Japan – Trade Balance
On Sunday, at GMT 11:50 p.m., the Japanese Ministry of Finance released the month-over-month national trade balance figure, which measures the difference in value between the total imported and exported goods over the last month. This data is usually reported by being seasonally adjusted in order to gauge the true changes in the trade balance situation of Japan.
The demand for a nation’s currency is directly correlated to the export it makes minus the net imports because foreigners must convert their currency to Yen in order to pay Japanese exporters. Hence, binary options traders and market analysts consider the trade balance to be a leading indicator of a currency’s strength.
In December, the Japanese trade balance figure came out at -0.93 trillion (yen) and for the forecast for this month was set at -0.74 trillion. The actual figure, however, came out slightly better compared to what the binary options traders were expecting, at -0.71 trillion.
Europe – German Ifo Business Climate
On Monday, the Ifo Institute for Economic Research released the German version of its business climate index, which measures the changes in the level of a composite index created by surveying 7,000 manufacturers, builders, wholesalers, and retailers in the given country.
Binary options traders highly respect the Ifo Business Climate index because any large deviation in the index figure tends to create substantial impact on the price of the Euro. This is primarily because of the large sample size of the survey as well as the large share of the German economy in the overall Eurozone.
In December, the German Ifo business climate index reading came out at 105.5 and the forecast for January was set at 106.7. The actual figure came exactly what the binary options traders were expecting, at 106.7, indicating no large deviation happened this month.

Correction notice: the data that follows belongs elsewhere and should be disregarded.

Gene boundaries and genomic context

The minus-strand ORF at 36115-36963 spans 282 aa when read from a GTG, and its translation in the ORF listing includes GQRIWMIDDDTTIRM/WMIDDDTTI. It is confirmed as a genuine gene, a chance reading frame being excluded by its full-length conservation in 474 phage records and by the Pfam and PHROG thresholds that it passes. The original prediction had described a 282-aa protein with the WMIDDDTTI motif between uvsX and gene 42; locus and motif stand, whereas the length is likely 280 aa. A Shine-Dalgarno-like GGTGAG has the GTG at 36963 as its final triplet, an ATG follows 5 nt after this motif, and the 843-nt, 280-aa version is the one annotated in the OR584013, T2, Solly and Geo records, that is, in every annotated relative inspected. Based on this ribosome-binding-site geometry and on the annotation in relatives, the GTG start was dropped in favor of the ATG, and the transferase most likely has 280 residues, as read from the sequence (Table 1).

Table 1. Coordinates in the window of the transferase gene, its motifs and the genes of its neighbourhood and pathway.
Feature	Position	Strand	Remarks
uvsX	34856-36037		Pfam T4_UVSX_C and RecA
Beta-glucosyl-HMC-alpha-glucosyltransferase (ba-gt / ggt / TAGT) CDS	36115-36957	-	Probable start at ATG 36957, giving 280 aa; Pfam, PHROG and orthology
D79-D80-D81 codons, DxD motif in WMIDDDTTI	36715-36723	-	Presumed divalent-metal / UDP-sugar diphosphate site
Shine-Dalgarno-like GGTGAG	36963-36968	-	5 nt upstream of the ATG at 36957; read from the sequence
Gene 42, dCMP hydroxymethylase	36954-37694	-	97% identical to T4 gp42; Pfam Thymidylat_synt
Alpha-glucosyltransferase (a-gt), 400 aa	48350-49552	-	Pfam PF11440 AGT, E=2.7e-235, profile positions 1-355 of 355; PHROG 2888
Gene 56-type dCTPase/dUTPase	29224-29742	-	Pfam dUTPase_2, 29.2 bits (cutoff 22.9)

Trade Recommendation for the EUR/JPY
Since breaking the uptrend line on December 30, the EUR/JPY has fallen sharply and formed a steady downward sloping trend line in the process. When last week the European Central Bank declared that they were starting a quantitative easing program of 60 billion Euros per month, similar to the US Federal Reserve, the price of EUR/JPY plummeted and the support level around 135 was broken.
The QE program will help boost inflation in the Eurozone, which indicates increased economic activity. The confidence in the Eurozone economy was reflected by this month’s German Ifo business climate index as well, which increased to 106.7, 1.2 points higher than last month. However, from a technical point of view, the EUR/JPY has to break above the sharp downward sloping trend line before it can move any further up. Also, the current trend may push the EUR/JPY to a new low before we would see any substantial retracement up to the resistance level around 135.
Under the circumstances, it is highly recommended that binary options traders look for opportunities to place only PUT orders with the EUR/JPY, unless it breaks above the down trend line. A suitable exit target would be around 124.5, which is the 161.8% extension level of the previous upward swing on the daily chart.[featured feattitle=’Recommended Broker: HighLow.net’ site=’HighLow’ ] HighLow.net is a popular binary options broker regulated by Australian Financial Services. [/featured]
About our Forex Analyst: Asif Imtiaz
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